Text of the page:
Windfall in Athens. (Cameo-Poly.)--- Bread, Love and Dreams. (Curzon, October 29th.) — We, The Women. (Cinephone.)
Windfall in Athens has, it seems, hit Greece for six. For many years its film industry has been moribund, nothing but commercial 'quickies,' inartistic and technically poor, having emerged from it to feed the jaded palates of its public. Suddenly, out of the Hellenic skies, has dropped a film which puts Greece, as the blurb says, 'on the inter- national horizon.' It has been made, single-handed, in five weeks, by Michael Yannis, a Greek trained in England, and although it does not, perhaps, strike us as particularly startling, for it is derived from the Franco-Italian comedies with which we are familiar, born as it were of Le Million out of Sunday in August, it can take its place in the ranks of entertainment without apology. Its star is Helle Lambetti, very young, high-spirited, sensitive, whose fate it is to lose a winning lottery ticket and whose destiny it is to marry the man, Dimitri Horn, who cashes it, this via a lot of misunderstandings and a subsidiary flirtation. Mr. Yannis has a feeling for intimacy and he pops into houses, takes a look at their inmates busy with the minutiae of daily living, pops out again to stroll about sunlit Athenian streets, peering through plate glass windows, stopping at flower stalls, following a tram, loitering in a garden. These impressions are woven into a warm and cheerful fabric, cosy yet lightweight.
* * * • It is however but gauze compared to the flowered chintz of Bread, Love and Dreams, a superb rural comedy directed by Luigi Comericini and starring Vittorio de Sica and Gina Lollobrigida. This felicitous film is about a middle-aged Carabinierf officer who comes to take up duties in a small mountain village, and, being a bachelor, becomes the whispering point of the com- munity. It would be asking tao much of de Sica to be as fine an actor as he is director, but he has a flair for the subtly ridiculous, and his slightly vain though good- hearted Maresciallo, constantly suffering disillusionment in the field of love, is a -triumph of observation. Whether plunging into a stream after Miss Lollobrigida or violently courting the village midwife, Marisa Merlini, as he races downhill with her on the handlebars of his bicycle, de Sica is somehow touching as well as funny, and he sets the tone for a film which never strays from the human into farce but culls its wit from the heart. The heroine, Italy's golden pin-up girl, is, as a wild and beautiful peasant, neither too wild nor too beautiful to be credible, and both she and the lesser characters have an endearing quality about them which is irresistible.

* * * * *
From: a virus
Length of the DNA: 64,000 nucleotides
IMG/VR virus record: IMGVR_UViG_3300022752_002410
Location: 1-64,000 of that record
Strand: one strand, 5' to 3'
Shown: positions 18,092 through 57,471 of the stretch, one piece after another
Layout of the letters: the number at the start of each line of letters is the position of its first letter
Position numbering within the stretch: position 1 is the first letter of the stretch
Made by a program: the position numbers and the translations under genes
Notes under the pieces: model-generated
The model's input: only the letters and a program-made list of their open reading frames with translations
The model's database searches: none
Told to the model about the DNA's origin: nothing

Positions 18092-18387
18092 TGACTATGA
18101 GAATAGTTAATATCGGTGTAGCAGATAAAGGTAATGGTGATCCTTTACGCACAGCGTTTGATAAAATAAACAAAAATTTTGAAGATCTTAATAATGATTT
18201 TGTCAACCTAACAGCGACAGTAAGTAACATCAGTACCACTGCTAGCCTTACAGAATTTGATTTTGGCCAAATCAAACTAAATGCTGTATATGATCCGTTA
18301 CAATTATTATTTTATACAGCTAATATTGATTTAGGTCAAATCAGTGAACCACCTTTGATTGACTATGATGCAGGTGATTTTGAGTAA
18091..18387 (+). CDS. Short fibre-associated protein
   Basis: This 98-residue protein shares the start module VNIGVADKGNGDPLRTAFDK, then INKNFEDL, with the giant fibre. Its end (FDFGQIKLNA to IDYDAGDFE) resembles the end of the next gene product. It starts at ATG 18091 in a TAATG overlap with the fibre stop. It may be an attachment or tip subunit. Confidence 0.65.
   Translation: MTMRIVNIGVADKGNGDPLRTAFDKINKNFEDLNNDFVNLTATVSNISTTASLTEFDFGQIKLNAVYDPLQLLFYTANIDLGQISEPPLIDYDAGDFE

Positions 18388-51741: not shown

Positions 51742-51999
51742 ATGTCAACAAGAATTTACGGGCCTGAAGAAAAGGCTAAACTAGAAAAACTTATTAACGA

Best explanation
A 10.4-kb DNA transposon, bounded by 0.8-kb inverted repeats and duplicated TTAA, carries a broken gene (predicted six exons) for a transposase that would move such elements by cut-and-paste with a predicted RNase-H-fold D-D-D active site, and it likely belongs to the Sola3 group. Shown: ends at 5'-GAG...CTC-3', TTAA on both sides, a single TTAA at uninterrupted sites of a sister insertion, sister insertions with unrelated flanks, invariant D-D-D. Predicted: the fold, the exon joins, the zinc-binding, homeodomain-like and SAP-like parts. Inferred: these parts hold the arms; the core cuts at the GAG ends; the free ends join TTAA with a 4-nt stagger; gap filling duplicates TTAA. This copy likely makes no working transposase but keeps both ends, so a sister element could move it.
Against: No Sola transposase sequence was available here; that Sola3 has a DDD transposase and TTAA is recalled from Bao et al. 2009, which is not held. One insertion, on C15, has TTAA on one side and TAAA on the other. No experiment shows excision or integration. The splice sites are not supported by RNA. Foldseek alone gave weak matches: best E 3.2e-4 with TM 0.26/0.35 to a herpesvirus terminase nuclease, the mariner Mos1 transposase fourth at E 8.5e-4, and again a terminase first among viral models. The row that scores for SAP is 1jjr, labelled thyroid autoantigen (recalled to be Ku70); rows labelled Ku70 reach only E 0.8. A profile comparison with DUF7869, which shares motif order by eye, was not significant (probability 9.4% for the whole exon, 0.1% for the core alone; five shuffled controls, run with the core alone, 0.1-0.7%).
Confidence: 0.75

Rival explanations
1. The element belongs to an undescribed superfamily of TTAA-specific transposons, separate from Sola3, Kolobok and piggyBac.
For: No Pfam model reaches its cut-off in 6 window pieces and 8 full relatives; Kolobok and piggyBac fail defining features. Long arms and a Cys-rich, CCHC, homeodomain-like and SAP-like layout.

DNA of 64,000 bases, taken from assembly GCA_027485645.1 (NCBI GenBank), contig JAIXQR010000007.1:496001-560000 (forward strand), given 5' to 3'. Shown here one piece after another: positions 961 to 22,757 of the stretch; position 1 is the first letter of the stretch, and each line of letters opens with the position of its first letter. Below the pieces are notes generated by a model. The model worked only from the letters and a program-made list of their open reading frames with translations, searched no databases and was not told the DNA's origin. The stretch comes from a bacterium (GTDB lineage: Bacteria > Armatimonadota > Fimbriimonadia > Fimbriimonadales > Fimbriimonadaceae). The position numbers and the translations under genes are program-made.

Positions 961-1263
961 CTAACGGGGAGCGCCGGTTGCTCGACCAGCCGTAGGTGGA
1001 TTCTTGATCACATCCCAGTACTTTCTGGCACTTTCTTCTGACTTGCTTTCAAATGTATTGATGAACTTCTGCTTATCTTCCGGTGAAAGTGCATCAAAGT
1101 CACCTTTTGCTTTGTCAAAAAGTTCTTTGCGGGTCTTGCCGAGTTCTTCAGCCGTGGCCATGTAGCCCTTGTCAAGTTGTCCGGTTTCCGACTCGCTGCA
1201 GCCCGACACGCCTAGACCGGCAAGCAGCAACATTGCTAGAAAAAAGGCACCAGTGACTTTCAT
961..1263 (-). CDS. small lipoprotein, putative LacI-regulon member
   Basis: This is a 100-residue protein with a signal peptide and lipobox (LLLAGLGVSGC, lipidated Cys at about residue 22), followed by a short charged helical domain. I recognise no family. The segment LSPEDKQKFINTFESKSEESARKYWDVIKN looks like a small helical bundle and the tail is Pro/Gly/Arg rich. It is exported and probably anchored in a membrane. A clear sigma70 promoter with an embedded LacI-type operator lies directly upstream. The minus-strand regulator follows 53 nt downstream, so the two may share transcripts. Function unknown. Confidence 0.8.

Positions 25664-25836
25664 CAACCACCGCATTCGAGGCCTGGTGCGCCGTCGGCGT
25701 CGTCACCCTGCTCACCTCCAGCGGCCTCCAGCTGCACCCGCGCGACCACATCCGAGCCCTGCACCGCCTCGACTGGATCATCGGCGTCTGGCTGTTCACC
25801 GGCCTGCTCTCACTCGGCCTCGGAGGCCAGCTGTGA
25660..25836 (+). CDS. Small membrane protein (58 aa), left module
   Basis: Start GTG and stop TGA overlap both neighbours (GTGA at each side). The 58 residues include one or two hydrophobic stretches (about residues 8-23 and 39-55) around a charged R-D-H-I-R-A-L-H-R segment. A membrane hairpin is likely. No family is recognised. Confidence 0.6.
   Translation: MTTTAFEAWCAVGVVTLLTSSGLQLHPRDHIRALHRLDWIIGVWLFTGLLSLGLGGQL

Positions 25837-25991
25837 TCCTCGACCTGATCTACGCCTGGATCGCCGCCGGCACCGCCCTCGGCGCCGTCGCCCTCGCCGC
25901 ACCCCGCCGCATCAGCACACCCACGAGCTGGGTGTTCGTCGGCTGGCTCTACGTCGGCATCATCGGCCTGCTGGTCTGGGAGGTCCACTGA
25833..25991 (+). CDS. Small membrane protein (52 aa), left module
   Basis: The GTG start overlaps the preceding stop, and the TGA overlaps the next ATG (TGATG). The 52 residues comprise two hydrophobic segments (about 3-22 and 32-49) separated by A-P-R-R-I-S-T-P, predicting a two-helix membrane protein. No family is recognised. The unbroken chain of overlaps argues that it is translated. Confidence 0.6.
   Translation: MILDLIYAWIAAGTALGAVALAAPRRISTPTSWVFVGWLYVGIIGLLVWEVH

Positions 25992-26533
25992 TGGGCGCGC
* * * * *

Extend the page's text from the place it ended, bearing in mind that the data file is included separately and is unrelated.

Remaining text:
* * We, the Women, on the other hand, leaves one feeling insulted. Four of Italy's leading ladies, Ingrid Bergman, Anna Magnani, Isa Miranda and Valli, recall an episode each from their lives and are directed to show us them by Rossellini, Visconti, Zampa and Franciolini. What a team! It is a disaster. Nobody insists that actresses should expose the tenderer portions of their private lives to the camera, but surely trivialities such as these are unworthy of such an accumulation of talent? Bergman chases a hen round her garden, Magnani fights with a taxi-driver, Valli goes to her masseuse's engagement party. Only Isa Miranda, courageously introspective, reveals she wishes she had had a child. This quartet of acute disap- pointments is preceded by an interminable record of how little starlets are made. Perhaps this was meant to be a soufflé ? It has failed to rise.